Color, 90 minutes
Russian with English subtitles
Director: Feliks Mikhailov
Scriptwriter: Feliks Mikhailov
Cinematography: Gleb Teleshov
Composer: Andrei Danilko
Cast: Ville Haapasalo, Danila Kozlovskii, Ivan Nikolaev, Aleksei Klimushkin,
and Pavel Briun,
Renata Litvinova, Ingeborga Dapkūnaitė
Production: Survive Entertainment
Jolly Fellows was advertised both in Russia and
abroad as the Russian Federation’s first drag queen movie. Billed as an
“unconventional comedy,” the film’s tagline, written in lipstick, asserts:
“Everyone has his own shortcomings” (У каждого свои недостатки). The release
of the first commercial film to deal with the topic of sexual minorities
comes at an interesting time for Russia, as local bills forwarded in St.
Petersburg and Moscow city governments seek to outlaw public displays
of homosexual behavior. Moscow mayor Iurii Luzhko himself called gay parades
“satanic acts.” The film was made on a two million dollar budget, and
despite the recent political movements to limit the expression of gay
culture in Russia, the film played in twelve theaters in Moscow, including
nine multiplexes, without any legal issues.
The plot features five friends who perform as drag queens
in the same nightclub. The group ranges in age, with the country lad Liusia
and Muscovite Gelia forming the younger generation, and the middle-aged
characters Roza, Lara, and Fira representing the older one. The film heavily
relies on its well-known and very much cosmopolitan cast, including Finnish
actor Ville Haapasalo and Lithuanian actress Ingeborga Dapkūnaitė, two
international fixtures in the Russian film industry. Renowned Russian
actress Renata Litvinova also plays a small role as the estranged ex-wife
of one of the drag performers.
The film is narrated as a series of episodes told to a Moscow newspaper
reporter, who interviews the friends at a kitschy, Soviet-themed café.
Many of the scenes, however, take place in the nightclub, as the film
sets up two distinct spaces; the nightclub and its nightlife, an idyllic
and safe space, is pitted against the unforgiving outside world of Moscow
and Russia. Mikhailov based some of the film on his experiences working
in Moscow nightclubs for three years during Russia’s default in the late
Jolly Fellows opens with a dictionary entry of the term “travesty,”
defining it theatrically as “an actor or actress playing the role of the
opposite sex” and “a type of humorous poetry.” Life is rendered frivolous
through acts of cross-dressing, but often it is Russia and its Soviet
past that bear the brunt of the joke. One of the first scenes takes place
in the Brezhnev era and features a rehearsal for Soviet officials of a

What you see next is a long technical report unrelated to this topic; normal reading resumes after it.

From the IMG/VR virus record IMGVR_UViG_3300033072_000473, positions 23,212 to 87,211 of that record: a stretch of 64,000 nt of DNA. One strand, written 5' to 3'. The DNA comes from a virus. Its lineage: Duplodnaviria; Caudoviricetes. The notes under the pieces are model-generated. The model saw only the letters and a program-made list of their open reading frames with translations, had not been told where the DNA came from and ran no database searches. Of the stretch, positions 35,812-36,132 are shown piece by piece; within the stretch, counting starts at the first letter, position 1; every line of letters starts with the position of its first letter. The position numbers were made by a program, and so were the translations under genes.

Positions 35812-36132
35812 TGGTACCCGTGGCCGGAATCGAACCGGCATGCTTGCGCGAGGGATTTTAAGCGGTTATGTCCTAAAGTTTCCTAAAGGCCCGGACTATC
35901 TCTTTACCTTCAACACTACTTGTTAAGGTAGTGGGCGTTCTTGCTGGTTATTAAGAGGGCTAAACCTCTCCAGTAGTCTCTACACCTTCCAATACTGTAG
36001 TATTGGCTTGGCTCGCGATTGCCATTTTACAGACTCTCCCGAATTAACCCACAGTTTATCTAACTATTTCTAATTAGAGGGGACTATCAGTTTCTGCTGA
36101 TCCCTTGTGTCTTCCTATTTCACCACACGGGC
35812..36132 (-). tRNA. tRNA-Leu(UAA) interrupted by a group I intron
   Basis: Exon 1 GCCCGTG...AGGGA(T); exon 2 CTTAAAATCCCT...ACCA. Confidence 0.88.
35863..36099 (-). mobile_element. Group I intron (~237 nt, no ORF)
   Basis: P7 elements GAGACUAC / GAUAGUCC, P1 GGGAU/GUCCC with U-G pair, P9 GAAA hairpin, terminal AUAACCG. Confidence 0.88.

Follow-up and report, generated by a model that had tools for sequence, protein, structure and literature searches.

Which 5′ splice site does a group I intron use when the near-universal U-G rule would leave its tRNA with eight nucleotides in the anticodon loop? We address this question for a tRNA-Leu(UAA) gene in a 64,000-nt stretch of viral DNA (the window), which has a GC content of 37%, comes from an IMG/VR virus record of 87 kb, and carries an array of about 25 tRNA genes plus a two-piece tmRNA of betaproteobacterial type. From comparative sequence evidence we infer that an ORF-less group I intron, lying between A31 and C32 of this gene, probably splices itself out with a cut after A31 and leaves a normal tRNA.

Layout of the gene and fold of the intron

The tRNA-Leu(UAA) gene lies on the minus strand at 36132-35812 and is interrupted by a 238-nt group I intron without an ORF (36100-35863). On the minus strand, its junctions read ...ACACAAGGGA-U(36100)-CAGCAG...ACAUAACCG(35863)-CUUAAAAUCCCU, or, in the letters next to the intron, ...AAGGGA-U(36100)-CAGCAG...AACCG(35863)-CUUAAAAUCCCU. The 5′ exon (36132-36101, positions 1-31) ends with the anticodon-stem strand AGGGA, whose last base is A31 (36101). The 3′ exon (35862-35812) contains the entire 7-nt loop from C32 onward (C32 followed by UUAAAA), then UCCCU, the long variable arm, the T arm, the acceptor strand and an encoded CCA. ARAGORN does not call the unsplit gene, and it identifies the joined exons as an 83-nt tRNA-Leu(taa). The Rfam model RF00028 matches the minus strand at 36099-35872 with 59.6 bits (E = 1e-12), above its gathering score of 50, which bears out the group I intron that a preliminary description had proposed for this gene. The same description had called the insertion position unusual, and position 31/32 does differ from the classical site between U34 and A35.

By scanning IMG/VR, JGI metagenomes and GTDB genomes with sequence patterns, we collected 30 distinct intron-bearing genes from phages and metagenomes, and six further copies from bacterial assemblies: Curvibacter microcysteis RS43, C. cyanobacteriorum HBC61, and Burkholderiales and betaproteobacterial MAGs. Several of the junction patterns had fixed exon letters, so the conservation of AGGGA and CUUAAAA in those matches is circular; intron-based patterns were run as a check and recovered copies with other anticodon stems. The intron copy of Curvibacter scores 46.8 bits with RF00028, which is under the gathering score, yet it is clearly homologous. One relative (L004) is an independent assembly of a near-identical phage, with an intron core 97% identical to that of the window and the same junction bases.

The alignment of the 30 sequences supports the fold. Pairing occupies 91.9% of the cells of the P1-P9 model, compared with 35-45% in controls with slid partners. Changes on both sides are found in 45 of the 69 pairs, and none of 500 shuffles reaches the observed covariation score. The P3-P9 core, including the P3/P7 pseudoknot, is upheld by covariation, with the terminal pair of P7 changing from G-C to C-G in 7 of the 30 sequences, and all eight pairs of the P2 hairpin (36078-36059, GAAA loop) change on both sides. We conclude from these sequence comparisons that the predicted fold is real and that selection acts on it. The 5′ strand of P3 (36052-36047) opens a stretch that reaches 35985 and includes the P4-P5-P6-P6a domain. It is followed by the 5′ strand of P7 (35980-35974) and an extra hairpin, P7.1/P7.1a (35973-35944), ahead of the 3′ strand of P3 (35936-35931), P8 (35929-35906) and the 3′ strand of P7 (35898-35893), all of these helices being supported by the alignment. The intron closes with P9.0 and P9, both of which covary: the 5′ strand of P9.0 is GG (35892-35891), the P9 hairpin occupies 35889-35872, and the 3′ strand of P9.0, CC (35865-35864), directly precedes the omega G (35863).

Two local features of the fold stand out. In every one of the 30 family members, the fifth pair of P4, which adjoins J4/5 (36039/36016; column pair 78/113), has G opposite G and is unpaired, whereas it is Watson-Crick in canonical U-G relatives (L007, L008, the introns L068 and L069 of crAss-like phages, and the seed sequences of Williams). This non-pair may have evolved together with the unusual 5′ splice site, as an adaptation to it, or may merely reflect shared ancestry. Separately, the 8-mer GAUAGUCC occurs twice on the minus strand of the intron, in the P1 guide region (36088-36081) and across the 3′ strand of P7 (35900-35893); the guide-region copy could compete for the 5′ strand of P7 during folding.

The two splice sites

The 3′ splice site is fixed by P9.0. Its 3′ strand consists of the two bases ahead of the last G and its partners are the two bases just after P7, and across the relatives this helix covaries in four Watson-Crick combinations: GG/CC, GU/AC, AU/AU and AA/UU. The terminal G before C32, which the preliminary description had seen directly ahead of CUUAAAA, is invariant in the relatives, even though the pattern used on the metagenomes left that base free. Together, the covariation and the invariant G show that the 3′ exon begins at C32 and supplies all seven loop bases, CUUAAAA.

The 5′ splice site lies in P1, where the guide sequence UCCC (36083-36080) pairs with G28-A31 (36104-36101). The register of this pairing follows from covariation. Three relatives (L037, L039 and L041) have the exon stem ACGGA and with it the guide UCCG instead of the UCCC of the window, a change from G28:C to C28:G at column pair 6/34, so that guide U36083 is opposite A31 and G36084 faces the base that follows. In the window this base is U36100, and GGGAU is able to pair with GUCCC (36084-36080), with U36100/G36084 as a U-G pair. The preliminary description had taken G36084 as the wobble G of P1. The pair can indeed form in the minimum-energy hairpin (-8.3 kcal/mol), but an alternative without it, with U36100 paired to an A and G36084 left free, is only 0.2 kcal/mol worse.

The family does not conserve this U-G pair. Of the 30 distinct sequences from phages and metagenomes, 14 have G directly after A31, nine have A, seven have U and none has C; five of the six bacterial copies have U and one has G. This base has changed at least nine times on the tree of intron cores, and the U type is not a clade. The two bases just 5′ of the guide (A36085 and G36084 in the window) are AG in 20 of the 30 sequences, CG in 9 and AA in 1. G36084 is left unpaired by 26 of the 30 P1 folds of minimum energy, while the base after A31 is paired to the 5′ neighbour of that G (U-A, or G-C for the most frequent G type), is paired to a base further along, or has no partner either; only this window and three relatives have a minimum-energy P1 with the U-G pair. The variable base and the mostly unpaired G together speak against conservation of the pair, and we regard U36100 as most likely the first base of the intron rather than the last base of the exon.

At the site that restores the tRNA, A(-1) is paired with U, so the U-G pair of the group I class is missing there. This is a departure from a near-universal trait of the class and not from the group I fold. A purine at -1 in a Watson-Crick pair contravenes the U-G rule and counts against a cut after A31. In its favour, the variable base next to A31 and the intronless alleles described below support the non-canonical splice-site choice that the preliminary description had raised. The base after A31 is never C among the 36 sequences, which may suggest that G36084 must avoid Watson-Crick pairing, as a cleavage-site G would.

gypsy dance number titled “Gypsy Love.” Unbeknownst to the officials the
lead gypsy is a man in drag. They enjoy the performance, and it is only
at the close of the song that the trick is revealed. The head official
publically chastises the performance, not because of its drag elements,
but because the song they played was by a musician who had betrayed the
Soviet Union, leaving during the Second World War. He later privately
invites the lead actor to his apartment to see his foreign record collection.
In one of the film’s first gags, Mikhailov queers the cultural tastes
of the Soviet arts scene and the bureaucrats who lead it.
The film certainly recognizes the comic potential of the drag queen, but
at the same time it delves deep into the plight of sexual minorities in
the Russian Federation. As the celebration of glam runs out of gas, the
film begins to explore various topical issues, such as HIV/AIDS, with
dire consequences for the characters involved. The positive test result
of one character is less a condemnation of his homosexuality than it is
of his promiscuity. By the film’s end, the comedic scenes that drive
Jolly Fellow’s main message make a turn toward tragedy.
In stark contrast to these problems is the musical world, as performances
interrupt and suspend the crises of life. The film is not a musical, but
music itself is a way for the characters to retreat from their problems.
The score of the film was written by Andrei Danilko, who represented Ukraine
at the Eurovision Song Contest in 2007 in drag under the stage name “Verka
Serdiuchka.” Danilko’s feature track, “Casta Diva,” is played throughout
the film, both during stage performances and as non-diegetic music in
episodes outside the nightclub. Several scenes make gestures toward the
film musical genre. Spontaneous musical outbursts transform harsh surroundings
such as the Russian village into a utopia, where everyone can dance around
and share a song number with the outsider: the drag queen. Music always
provides levity for the most serious moments in the film.
Like its slogan, Jolly Fellows certainly is a film fraught with
shortcomings. The five characters are not fully developed individually
or as a group, and the narrative clumsily ties their personal stories
together within the present timeframe of the film’s action, the interview
in the café. Additionally, by bringing the Russian drag queen to the screen,
the film offers little new ground to the drag queen genre, but often operates
on clichés to fill in the narrative’s gaps. The film is important in the
arena of contemporary Russian film, however, and while it took ten years
to fund and produce, it goes far beyond any Russian or Soviet film on
the topic of sexuality and gay culture.
Mikhailov graduated from the St. Petersburg State Institute of
Theater, Music and Cinematography in 1992. He served as a stage director
in television for First Channel on the shows Stars on the Ice, Circus
with the Stars, and The Ice Age. He also helped produce
numerous awards ceremonies, including the “Teffi” award ceremony in 2006
and 2007. Jolly Fellows marks his debut in feature length films.
2009 Jolly Fellows